For more than thirty-five years Laura Katz Olson has studied the impact of elder care policy on vulnerable populations in the U.S. But, not even her deep knowledge of the subject could prepare her for her appalling encounters with the system when her own aged mother, Dorothy Katz, became incapacitated by Parkinson's disease and a gradual loss of vision requiring full-time care.
Olson says sub-standard conditions and barriers to accessing services typify elder care in the U.S. Her first-hand experience of these increased her determination to shed light on what she calls the nation's high-priced, dysfunctional system of long-term care—funded by taxpayer dollars—that benefits private industry at the expense of the elderly.
Olson, professor of political science at Lehigh University (Bethlehem, PA), combined her policy expertise with her personal story in her latest book Elder Care Journey, A View from the Front Lines (SUNY Press), which documents the demands and stresses of caregiving as well as the manifold indignities perpetrated by social welfare policy.
In the Prologue, she writes: "Now that I have a front-row seat, it is obvious that my previous work had just skimmed the surface. It was though I were now witnessing the access, cost and quality questions of health and long-term care through a magnifying glass."
Unwarranted hurdles, appalling care
Olson knew from her work how unreasonable the bureaucratic welfare system was, but it was much worse than she had imagined.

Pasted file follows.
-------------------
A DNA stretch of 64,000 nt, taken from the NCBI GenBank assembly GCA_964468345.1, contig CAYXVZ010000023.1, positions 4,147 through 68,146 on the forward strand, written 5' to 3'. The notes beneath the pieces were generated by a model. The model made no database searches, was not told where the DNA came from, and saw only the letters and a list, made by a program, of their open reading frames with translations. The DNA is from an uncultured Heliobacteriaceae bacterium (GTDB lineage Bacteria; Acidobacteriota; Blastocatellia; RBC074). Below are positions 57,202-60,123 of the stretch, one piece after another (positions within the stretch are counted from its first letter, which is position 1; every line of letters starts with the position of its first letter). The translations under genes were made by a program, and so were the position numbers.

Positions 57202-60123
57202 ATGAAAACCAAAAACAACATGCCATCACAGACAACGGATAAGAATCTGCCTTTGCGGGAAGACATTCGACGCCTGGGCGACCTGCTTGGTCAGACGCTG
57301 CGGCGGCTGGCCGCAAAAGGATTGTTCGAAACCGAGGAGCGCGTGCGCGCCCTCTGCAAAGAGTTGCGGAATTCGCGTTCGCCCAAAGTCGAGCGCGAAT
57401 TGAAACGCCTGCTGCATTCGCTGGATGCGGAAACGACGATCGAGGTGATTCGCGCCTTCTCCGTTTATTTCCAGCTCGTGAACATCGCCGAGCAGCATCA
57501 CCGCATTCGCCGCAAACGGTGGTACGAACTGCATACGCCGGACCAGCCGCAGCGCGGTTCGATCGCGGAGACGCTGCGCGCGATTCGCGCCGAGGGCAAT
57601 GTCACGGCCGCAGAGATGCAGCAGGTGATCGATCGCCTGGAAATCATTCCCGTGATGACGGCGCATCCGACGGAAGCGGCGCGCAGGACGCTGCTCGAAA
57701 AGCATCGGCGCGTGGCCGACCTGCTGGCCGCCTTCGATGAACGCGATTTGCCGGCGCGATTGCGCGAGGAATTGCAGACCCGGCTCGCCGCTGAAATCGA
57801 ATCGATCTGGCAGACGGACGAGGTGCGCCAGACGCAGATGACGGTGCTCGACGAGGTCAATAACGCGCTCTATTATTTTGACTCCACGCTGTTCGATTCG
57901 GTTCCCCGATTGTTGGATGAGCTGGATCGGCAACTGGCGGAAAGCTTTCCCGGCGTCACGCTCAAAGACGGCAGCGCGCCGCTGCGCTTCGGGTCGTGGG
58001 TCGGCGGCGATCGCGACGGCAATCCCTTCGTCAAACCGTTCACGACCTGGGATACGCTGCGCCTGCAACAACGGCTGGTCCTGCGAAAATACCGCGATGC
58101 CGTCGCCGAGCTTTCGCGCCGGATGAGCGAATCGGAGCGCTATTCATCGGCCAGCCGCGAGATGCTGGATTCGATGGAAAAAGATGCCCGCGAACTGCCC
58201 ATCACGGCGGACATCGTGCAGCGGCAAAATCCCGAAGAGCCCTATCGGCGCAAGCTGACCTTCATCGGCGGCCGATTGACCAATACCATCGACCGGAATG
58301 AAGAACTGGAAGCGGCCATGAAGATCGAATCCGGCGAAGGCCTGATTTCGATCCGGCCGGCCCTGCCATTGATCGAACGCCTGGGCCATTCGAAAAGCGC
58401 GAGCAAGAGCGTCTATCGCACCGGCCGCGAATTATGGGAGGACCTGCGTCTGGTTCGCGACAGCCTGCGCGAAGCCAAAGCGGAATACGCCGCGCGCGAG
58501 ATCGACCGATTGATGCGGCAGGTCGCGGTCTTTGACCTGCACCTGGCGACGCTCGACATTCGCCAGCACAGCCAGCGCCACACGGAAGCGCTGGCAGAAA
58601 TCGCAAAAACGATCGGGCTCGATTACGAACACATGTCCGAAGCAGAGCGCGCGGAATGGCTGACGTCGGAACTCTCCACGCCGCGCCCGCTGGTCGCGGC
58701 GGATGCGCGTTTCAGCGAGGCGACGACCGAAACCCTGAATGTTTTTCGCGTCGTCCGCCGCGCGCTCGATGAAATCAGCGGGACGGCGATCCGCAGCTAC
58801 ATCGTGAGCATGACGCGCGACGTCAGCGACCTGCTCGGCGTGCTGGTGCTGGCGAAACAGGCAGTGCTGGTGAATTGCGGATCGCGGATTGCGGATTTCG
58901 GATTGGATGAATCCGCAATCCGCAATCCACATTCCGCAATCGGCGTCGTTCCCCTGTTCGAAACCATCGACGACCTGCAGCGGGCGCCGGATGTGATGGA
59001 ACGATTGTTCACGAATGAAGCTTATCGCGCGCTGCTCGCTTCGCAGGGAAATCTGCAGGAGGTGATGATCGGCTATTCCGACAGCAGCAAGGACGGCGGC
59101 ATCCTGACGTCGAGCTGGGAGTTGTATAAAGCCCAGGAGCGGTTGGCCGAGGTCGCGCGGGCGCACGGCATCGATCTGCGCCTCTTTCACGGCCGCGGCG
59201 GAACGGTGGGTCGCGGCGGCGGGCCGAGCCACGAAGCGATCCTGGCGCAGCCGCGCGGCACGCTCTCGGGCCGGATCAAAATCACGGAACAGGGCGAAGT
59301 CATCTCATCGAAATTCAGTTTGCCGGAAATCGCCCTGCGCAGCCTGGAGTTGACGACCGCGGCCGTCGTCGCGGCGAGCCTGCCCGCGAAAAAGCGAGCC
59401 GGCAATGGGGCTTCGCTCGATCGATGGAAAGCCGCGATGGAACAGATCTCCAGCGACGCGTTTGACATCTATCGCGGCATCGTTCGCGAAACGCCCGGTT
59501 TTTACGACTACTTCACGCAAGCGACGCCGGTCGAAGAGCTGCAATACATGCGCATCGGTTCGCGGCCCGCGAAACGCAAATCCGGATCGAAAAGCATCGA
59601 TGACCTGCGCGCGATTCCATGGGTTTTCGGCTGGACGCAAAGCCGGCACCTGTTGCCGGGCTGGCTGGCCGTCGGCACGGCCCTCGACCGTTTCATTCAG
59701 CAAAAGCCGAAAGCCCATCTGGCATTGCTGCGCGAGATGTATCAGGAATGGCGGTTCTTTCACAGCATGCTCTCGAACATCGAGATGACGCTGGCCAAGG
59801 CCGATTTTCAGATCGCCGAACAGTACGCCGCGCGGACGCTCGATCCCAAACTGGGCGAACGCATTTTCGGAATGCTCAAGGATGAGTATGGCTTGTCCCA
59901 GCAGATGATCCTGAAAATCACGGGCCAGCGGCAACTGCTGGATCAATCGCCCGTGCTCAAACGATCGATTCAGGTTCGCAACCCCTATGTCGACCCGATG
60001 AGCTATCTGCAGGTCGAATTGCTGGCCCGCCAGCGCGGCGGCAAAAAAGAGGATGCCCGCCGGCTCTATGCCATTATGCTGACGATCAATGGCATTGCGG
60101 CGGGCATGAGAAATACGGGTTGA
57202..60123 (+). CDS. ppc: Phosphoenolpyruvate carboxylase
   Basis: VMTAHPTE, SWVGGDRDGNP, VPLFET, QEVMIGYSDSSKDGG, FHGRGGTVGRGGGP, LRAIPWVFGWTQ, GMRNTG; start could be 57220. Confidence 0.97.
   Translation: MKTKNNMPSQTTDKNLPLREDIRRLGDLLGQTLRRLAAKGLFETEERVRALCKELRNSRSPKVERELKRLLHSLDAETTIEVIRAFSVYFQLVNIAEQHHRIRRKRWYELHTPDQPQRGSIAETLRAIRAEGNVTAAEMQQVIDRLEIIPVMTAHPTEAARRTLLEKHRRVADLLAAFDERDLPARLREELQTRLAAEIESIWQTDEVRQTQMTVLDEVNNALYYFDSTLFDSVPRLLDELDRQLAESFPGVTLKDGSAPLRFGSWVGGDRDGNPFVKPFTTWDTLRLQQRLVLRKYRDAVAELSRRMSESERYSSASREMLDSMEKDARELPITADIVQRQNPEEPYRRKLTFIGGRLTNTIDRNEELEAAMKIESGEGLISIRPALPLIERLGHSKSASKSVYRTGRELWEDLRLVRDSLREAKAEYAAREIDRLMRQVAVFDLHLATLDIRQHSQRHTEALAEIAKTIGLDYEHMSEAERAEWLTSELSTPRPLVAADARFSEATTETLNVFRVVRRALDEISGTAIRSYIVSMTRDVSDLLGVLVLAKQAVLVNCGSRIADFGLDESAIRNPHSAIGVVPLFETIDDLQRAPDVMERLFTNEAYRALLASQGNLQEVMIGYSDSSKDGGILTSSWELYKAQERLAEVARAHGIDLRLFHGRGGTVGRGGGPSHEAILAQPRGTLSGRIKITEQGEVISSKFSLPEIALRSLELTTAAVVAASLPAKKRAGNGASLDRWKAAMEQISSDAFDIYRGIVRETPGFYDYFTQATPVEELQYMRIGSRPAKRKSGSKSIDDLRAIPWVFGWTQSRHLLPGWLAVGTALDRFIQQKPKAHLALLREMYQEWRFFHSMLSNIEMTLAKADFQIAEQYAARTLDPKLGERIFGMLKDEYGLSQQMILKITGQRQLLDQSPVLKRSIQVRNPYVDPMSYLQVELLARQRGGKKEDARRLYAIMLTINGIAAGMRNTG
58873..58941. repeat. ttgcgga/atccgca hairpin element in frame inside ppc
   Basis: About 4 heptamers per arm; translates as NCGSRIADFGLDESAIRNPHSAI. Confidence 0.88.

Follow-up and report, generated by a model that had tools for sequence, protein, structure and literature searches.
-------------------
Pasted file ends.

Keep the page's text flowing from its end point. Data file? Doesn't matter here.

"You are guilty until proven innocent," says Olson explaining the assumption with which she and her mother were met as they dealt with benefits for low-income households. "The burden of proof is on the applicant, even if you are old and disabled."
She explains: "I was forced to fill out form after form and produce difficult to obtain documentation, year after year, for every single service or subsidy she required. When there were snags—a frequent occurrence—I had to contend with standardized letters, hour-long waits on automated phone lines, and faceless (generally clueless) agents. Despite my 'expertise' in long-term care, I was often inundated with a sense of helplessness at the unwarranted hurdles that prevented my mother from acquiring vital services—and in a timely manner."
But ultimately it was the treatment her mother received that was most appalling.
"Despite my grasp of nursing home failings, it took me aback to personally witness the negligent and appalling treatment my mother received in two Florida facilities for post-acute care; nothing could have prepared me for the indifference to her physical and cognitive needs, unpalatable meals, disdain for government regulations, and slapdash approach to patient care generally," says Olson.
Olson does acknowledge that despite their discouraging experiences, she and her mother encountered people along the way who were caring and effectively serving older people in need.
For example, her mother now resides in a Pennsylvania nursing home where attentive and hard-working nurses and aides provide good enough care that Olson is no longer fearful for her mother's health and safety.
A common experience
One might wish to assume that Olson's experience is the exception. Unfortunately, her research says otherwise. The high cost of Long-Term Services and Supports (LTSS)—a Medicaid designation describing acute and long-term care services—far exceeds what most seniors are able to pay, she says.
According to the SCAN Foundation, an independent public charity dedicated to improving elder care, in 2012 the median annual cost of a nursing home stay (for a semi-private room) was $73,000 and $39,600 at an assisted living facility. Caring for a loved one at home is also costly with the median price tag for home health and personal services totaling $43,472.